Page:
In that message, he also said service was "approaching normal," but in a later conference call with reporters, Lazaridis said services have now been restored. He reiterated that the three-day outage was caused by a hardware failure that prompted a "ripple effect" in RIM's systems. Getting things back up "took much longer than we had expected," and RIM is now "taking immediate and aggressive steps" to prevent such an outage from ever happening again, he said.  During a Wednesday conference call, the company said the problems were not related to a hack.

Users should apply these changes expediently to ensure the best levels of protection

Microsoft Security Updates - October 2011

QUOTE: Eight security bulletins have been released to include patches for 23 vulnerabilities for software such as Microsoft .NET Framework, Microsoft Silverlight, Internet Explorer, Microsoft Forefront United Access Gateway, and Microsoft Host Integration Server.

Microsoft Technet overview

This new development is still being analyzed by security firms: 

Backdoor Snoops on Skype, MSN, and Yahoo! Messenger

QUOTE: We recently came across reports about a hacker group that was able to detect a backdoor which was found capable of monitoring online activities and recording calls when using Skype. However, apart from its routines, it garnered media attention because of its claims that the discovered backdoor may be used by German Law Enforcement.  The malware, which we detect as BKDR_R2D2.A is known as “R2D2″. Based on our analysis, this malware is capable of the following functionalities:

  • Listen to chat conversations for applications such as Skype, Yahoo! Messenger, MSN Messenger and SipGate x-lite.
  • Record audio calls when using Skype
  • Monitor web browsing activities with browsers SeaMonkey, Navigator, Opera, Internet Explorer and Mozilla Firefox.
  • Take screenshots on the affected system.

The new Metro UI may allow for Windows 8 to load resources to memory as they are opened and needed.

Windows 8 - Striving to improve memory management

QUOTE: Microsoft's Windows 8 is aiming to minimize a PC's memory usage through efficient design, allowing it to run on hardware originally designed for Windows 7.  In a blog post, Bill Karagounis, the group program manager of the Windows Performance team, said that the group's goal with Windows 8 was always to ship with the same performance requirements as Windows 7. Interestingly, Karagounis wrote that the reason for doing this was to minimize the power consumption used by Windows 8 when running on a tablet.  Microsoft has said that the "Metro" UI also eliminates the need to load all portions of the desktop, saving memory. And Windows 8 is simply more efficient in using memory, Karagounis added.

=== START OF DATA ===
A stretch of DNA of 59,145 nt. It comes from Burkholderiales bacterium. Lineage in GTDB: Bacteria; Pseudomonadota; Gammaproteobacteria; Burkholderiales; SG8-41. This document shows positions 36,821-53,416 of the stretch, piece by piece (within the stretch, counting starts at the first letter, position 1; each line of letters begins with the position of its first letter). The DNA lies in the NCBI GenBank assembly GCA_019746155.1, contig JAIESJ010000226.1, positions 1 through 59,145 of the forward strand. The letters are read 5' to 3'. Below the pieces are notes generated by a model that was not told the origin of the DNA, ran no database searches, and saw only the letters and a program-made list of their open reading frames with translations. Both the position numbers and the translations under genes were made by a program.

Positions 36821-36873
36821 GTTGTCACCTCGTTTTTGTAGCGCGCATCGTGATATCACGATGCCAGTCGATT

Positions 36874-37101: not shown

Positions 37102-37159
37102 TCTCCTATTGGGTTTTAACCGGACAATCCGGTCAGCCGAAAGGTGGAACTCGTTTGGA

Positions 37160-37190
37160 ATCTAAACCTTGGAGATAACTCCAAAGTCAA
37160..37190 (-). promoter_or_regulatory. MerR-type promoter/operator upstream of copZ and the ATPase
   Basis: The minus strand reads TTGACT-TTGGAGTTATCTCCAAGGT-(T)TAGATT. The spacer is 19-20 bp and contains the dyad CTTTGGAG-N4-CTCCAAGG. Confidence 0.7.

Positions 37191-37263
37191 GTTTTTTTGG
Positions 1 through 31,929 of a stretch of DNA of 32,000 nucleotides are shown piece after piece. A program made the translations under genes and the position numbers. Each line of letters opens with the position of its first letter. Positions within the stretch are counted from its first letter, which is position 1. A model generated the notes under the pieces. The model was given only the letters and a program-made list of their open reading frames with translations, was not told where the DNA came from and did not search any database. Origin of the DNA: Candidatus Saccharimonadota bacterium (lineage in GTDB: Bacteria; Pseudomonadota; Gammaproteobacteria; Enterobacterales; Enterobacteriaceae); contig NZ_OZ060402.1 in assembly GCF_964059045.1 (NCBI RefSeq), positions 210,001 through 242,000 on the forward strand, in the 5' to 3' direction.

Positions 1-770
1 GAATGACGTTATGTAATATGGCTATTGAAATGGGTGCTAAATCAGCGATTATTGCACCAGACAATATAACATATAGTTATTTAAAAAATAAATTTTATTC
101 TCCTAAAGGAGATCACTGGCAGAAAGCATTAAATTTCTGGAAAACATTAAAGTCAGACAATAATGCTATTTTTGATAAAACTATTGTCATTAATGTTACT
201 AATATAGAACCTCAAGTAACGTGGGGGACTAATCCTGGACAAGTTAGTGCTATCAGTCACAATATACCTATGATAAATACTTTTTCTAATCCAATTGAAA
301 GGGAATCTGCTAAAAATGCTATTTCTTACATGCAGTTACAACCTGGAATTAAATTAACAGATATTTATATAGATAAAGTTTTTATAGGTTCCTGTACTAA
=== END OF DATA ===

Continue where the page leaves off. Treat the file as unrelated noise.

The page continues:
Windows 8 - PC Magazine's list of articles

The Symantec research study provides an excellent overview regarding monetary incentives for Android mobile computing malware.

Android Malware - Symantec Research Study of Monetary Incentives 

QUOTE: In the old, old days researchers wrote virus code to prove a point and lone coders released malware that disseminated a message or simply vandalized computers. Modern malware is all about money. Symantec has just released a report on the various techniques used to make a profit from Android-focused malware. Given that Android is now the most widespread mobile platform, it's a wide-open field for malefactors seeking to cash in.

Premium rate billing is one simple technique to skim some cash. In this case a Trojanized Android application performs some useful or entertaining function, but secretly sends SMS short codes that bill the caller  $10, $50, or even more. The attacker splits the fee with the phone service carrier. Apps can send text messages without any visible indication, making this a better choice than forced dialing of premium rate telephone numbers.

Some apps literally spy on the victim, recording phone calls and texts and tracking GPS location. It's true that on installation the victim must agree to specific permissions, but many users just routinely give an OK to all such requests. Malicious apps that poison search engine results can drive traffic to malicious Web sites, either to encourage download of more malware or to generate income based on pay-per-view or pay-per-click advertising.

Symantec - Motivations of Recent Android Malware

QUOTE: The following categories of attack are highlighted in the study:

1. Premium Rate Number billing (calls or text messaging)
2. Spyware
3. SEO Poisoning
4. Pay per click
5. Pay per install of apps
6. Adware
7. Mobile Transaction Authorization Number (MTAN) Stealing